Do you know this situation? You are reading an article about the game last night in your newspaper or on the internet and it feels totally boring, just like a million articles you’ve read before. The report is nothing special – no new idea, no interesting story surrounding it – just the game facts linked by some words in between.
Robbie Allen is one of the people that deliver these game facts. He’s the founder and developer of StatSheet.com – a web site that collects, manages and presents statistics and facts from the world of sports.
In one of his most recent blog posts, Robbie stated that he is currently working on the next step: A complete automation of the creation of sports stories. He says that he would have already “identified 21 different types of sports stories that can be automated” – “not (…) just (..) game recaps”.
In the first version he will try to create content that 90% of the readers would believe has been written by a human and then try to improve his algorithms to drive this figure up with every new release. He believes it won’t take long until human and machine generated stories can’t be differentiated by the readers anymore.
When I read about Robbie’s vision I was instantly reminded on a great book I (and also probably a lot of you) read some time ago: In Daniel H. Pink’s “A Whole New Mind“, the author states that most of the jobs that were important over the last few years will lose importance as they can be taken over by either a computer or by someone in a rising low-wage economy. Dan mentions in particular those jobs that are built on logical and linear thinking capabilities, like lawyers or number-crunching MBAs. Add sports journalists to that list. We are now entering what he calls the “Conceptual Age”, in which inventive, empathic and big-picture capabilities will be at the core of the society – capabilities that build on the left side of the brain.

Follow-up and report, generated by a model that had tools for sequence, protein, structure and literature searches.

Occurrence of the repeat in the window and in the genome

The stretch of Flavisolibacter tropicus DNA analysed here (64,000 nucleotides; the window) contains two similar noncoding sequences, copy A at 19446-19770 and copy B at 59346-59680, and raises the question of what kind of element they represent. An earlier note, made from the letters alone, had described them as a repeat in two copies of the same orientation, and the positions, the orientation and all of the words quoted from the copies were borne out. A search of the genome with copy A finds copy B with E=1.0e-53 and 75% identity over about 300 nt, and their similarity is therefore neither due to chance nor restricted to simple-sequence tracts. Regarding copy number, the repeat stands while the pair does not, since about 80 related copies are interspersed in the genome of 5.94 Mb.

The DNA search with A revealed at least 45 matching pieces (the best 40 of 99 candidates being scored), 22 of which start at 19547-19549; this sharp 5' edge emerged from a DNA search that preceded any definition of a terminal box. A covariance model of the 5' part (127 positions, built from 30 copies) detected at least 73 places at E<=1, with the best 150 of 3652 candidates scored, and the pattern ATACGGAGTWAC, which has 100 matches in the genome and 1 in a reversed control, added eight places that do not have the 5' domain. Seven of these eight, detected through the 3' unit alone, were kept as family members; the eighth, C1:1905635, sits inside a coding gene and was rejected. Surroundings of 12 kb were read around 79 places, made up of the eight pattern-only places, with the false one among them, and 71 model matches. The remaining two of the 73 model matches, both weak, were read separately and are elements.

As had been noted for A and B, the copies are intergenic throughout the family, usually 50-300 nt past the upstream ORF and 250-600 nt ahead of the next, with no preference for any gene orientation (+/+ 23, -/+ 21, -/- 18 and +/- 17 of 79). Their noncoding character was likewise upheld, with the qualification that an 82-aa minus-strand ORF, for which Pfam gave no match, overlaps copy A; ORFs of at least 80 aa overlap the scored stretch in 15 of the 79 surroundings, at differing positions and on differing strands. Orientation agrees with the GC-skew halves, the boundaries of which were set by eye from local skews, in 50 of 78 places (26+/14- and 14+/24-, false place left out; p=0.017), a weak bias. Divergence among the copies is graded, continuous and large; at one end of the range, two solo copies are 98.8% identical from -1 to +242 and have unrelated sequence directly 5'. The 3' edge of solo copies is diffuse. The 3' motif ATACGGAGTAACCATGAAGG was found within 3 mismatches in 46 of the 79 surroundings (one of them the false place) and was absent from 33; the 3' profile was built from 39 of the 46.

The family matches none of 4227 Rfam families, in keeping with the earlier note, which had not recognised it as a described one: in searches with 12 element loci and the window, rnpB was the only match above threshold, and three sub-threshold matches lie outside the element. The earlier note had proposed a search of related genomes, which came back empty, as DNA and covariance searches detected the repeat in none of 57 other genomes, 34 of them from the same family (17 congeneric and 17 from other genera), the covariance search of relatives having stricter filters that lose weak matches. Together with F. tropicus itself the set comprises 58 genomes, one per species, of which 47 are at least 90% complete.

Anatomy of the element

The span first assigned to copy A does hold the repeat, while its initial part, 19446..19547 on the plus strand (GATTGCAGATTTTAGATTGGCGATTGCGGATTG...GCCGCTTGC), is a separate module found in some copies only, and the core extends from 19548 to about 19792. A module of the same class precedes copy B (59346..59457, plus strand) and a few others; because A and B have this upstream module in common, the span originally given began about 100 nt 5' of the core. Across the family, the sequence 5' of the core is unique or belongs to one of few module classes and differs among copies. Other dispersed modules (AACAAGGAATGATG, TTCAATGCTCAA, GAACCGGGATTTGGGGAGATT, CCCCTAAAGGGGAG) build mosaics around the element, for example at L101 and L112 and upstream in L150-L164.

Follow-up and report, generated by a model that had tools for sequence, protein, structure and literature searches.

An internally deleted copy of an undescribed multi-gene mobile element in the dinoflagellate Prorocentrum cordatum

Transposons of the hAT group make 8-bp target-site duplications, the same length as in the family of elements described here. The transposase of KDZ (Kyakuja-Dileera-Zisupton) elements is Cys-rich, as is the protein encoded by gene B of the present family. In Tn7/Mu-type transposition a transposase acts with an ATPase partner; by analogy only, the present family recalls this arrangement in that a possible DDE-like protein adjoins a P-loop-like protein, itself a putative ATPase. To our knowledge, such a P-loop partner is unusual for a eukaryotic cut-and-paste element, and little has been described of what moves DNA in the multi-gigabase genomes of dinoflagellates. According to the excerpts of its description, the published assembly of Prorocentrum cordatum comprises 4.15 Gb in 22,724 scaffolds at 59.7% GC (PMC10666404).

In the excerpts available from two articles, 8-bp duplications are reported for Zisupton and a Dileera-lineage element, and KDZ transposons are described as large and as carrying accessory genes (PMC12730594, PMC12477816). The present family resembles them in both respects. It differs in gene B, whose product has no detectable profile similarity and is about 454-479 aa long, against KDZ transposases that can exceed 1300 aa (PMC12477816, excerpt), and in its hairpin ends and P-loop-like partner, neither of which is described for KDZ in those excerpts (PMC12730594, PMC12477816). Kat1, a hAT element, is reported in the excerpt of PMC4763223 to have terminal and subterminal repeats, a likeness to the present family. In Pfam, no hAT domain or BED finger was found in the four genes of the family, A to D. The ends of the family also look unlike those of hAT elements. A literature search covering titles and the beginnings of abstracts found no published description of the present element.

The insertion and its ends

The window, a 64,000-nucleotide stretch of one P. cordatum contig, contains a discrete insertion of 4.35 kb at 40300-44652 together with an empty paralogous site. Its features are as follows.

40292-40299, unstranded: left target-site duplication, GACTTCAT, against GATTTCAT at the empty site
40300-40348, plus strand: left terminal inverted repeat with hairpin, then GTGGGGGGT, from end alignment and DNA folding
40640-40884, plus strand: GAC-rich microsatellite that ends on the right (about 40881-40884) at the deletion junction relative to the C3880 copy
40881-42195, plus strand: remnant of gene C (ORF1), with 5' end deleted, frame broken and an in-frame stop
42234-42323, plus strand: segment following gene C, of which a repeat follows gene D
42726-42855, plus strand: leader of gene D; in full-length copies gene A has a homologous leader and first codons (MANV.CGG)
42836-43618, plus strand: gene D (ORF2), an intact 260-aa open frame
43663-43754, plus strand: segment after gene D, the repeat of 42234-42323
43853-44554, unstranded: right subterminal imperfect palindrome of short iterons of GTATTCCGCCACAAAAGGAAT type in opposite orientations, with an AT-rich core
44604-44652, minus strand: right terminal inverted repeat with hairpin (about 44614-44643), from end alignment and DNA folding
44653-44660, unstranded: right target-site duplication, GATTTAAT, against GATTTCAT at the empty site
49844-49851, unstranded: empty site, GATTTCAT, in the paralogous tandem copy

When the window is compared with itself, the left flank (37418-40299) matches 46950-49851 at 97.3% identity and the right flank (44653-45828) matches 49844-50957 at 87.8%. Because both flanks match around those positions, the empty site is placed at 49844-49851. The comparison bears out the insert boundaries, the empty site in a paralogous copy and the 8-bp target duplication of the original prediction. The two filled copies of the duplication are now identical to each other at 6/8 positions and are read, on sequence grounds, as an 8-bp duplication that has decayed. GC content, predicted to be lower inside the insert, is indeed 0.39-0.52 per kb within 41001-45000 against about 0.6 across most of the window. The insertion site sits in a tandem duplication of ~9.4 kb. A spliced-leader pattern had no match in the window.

Dan Pink comes up with six senses that will help to develop the “whole new mind” required in this conceptual age. It’s a great book and there’s no excuse for not reading it (some of it may remind you of the concept of “Linchpins” by Seth Godin I reflected on earlier). If you still need another reason to think about this topic check version 3 of the classic “Shift Happens” presentation from 2008 by Karl Fisch and Scott McLeod again here (on Youtube) and keep in mind that the figures mentioned in it have probably gone up significantly since it was published.
When Robbie Allen automates sports journalism he’s not doing anything wrong. On the contrary, he understood that stuff that looks like automated often can actually be automated.
Who needs so many sports journalists when people can’t tell the difference between an automatically generated article and a human generated one.
But wait a second – if this can be done to sports journalism…:
Who needs so many controllers?
Who needs so many marketing analysts?
Who needs so many CSRs?
Who will need you? Next year? In five years from now? In 15 years?
That is, unless we start to design and create instead of to just function. Unless we start to come up with compelling stories instead of just information and data. Unless we start to bring pieces together and create a big picture, a symphony instead of just specializing on one part. Unless we start to be human and empathic instead of just logic. Unless we start to play and have fun instead of just being serious. Unless we start to create meaning and purpose instead of just accumulating.
These are the six senses I was referring to earlier on. Makes “sense” to me.